Any effect the new York Street interchange would have on relieving traffic chaos caused by accidents on the Westlink has been played down by the Department of Infrastructure.
The scheme, which is intended to remove the bottleneck at the junction of the Westlink, M3 and M2 motorways, was put to consultation on Tuesday after being temporarily derailed.
Given the massive tailbacks caused by a lorry shedding its load on the Westlink on Tuesday night, Minister Chris Hazzard’s announcement that the scheme was back on track could not have been more welcome.
However, when the Department of Infrastructure was asked if it would now consider fast tracking the project, they played down the effect it would have at relieving pressure following an incident on an approaching road.
A Department for Infrastructure spokesman said: “Any incident on the strategic road network around Belfast has the potential to block traffic lanes and cause considerable disruption.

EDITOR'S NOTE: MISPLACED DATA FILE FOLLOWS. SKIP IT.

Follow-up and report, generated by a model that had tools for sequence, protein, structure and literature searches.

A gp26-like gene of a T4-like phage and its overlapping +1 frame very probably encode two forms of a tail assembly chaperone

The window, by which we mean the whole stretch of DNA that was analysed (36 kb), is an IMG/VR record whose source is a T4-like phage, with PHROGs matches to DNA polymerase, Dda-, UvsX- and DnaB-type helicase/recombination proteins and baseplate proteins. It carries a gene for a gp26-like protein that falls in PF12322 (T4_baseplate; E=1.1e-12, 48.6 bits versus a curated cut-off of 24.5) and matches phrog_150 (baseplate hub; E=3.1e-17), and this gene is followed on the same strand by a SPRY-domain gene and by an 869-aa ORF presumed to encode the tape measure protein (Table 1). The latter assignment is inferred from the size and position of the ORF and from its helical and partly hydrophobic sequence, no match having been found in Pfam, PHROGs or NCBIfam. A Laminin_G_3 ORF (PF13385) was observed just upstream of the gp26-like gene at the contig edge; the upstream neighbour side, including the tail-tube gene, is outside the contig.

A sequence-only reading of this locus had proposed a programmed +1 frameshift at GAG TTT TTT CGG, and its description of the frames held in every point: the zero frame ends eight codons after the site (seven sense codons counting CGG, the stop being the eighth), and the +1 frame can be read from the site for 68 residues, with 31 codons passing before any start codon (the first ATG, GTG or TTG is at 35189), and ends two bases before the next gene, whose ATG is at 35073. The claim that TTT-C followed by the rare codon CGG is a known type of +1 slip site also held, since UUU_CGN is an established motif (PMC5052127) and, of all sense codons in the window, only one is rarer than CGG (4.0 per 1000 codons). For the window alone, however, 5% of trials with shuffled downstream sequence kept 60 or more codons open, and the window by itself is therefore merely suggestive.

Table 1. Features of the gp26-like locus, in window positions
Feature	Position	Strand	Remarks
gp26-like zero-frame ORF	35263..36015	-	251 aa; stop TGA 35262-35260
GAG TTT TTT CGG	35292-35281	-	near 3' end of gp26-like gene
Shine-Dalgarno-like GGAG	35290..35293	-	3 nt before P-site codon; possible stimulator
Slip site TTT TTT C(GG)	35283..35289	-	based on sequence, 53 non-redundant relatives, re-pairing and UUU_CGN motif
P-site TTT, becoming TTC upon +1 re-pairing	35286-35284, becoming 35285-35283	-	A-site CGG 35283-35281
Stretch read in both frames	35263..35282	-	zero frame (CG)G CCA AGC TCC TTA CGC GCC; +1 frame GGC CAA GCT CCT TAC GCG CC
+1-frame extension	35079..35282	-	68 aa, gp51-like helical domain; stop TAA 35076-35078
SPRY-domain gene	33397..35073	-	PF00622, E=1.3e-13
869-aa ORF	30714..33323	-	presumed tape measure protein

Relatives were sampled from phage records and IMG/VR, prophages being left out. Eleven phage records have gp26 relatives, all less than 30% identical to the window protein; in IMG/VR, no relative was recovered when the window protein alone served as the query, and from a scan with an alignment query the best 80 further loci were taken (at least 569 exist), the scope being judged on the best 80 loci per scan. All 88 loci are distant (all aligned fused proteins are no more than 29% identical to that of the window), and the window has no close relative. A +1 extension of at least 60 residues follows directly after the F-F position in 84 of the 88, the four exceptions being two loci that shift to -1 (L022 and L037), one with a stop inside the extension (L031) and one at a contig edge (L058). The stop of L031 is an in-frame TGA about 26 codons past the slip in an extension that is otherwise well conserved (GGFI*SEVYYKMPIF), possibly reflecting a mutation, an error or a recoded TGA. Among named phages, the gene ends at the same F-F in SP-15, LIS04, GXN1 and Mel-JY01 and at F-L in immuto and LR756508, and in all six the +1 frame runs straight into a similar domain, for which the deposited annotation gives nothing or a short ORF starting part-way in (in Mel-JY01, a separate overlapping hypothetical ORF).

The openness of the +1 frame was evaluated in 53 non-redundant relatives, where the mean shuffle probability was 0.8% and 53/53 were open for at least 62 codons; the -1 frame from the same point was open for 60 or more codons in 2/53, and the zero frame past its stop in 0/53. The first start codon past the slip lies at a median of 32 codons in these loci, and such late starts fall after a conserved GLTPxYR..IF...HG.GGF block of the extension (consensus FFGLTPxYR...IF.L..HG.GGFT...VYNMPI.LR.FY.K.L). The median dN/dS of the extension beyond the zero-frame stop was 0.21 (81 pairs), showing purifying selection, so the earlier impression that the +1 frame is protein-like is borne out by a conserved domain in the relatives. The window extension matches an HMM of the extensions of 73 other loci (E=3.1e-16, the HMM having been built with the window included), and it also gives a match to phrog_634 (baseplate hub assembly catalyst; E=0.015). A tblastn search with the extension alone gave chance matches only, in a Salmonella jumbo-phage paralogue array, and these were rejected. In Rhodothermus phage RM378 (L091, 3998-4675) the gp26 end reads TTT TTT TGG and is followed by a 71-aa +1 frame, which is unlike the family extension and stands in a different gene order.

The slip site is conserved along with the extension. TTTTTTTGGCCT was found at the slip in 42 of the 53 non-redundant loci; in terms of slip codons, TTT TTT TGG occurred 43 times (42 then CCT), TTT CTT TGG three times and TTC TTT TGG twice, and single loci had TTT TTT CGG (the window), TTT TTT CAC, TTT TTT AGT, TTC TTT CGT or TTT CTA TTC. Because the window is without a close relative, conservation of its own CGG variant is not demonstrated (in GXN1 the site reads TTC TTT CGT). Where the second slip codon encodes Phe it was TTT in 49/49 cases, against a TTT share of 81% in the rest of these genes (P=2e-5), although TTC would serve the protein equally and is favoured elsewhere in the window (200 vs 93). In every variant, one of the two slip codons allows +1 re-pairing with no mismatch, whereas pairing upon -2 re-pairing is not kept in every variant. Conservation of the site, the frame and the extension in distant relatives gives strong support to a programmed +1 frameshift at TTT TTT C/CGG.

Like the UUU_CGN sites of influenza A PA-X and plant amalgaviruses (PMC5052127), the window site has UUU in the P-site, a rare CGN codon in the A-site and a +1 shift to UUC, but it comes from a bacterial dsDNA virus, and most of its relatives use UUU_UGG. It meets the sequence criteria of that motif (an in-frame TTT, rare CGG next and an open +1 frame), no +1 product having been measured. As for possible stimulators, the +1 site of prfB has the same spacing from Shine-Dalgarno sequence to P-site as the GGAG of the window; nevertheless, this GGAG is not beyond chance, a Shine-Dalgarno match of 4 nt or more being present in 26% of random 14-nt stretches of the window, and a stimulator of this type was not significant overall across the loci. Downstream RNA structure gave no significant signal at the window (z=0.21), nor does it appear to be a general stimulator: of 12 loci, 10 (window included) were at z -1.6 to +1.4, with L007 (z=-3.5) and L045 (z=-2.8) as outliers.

“The York Street Interchange scheme is intended to remove the bottleneck at the junction of the Westlink, M3 and M2 motorways and will reduce delays under normal traffic conditions.
“It is not likely to a provide any relief to traffic congestion caused by an incident on the approaching roads, such as Westlink.”
PSNI defended its response to Tuesday’s traffic chaos.
Roads Policing Inspector Rosie Leech said: “When an incident interrupts the flow of traffic on a major arterial route there will always be difficulties for the ordinary road network accommodating such a large number of displaced vehicles. We will continue to work with our partner agencies in a co-ordinated approach to implement coping mechanisms aimed at dealing with such occurences.”
Meanwhile, a massive sink hole in Japan which swallowed five lanes of traffic and two footpaths was repaired within a matter of days.
On our Facebook page Mark Geddis said: “There has been a sinkhole bigger than that in Belfast since about 1981 and they have yet to fix it. The authorities like us to call it ‘The Westlink’.”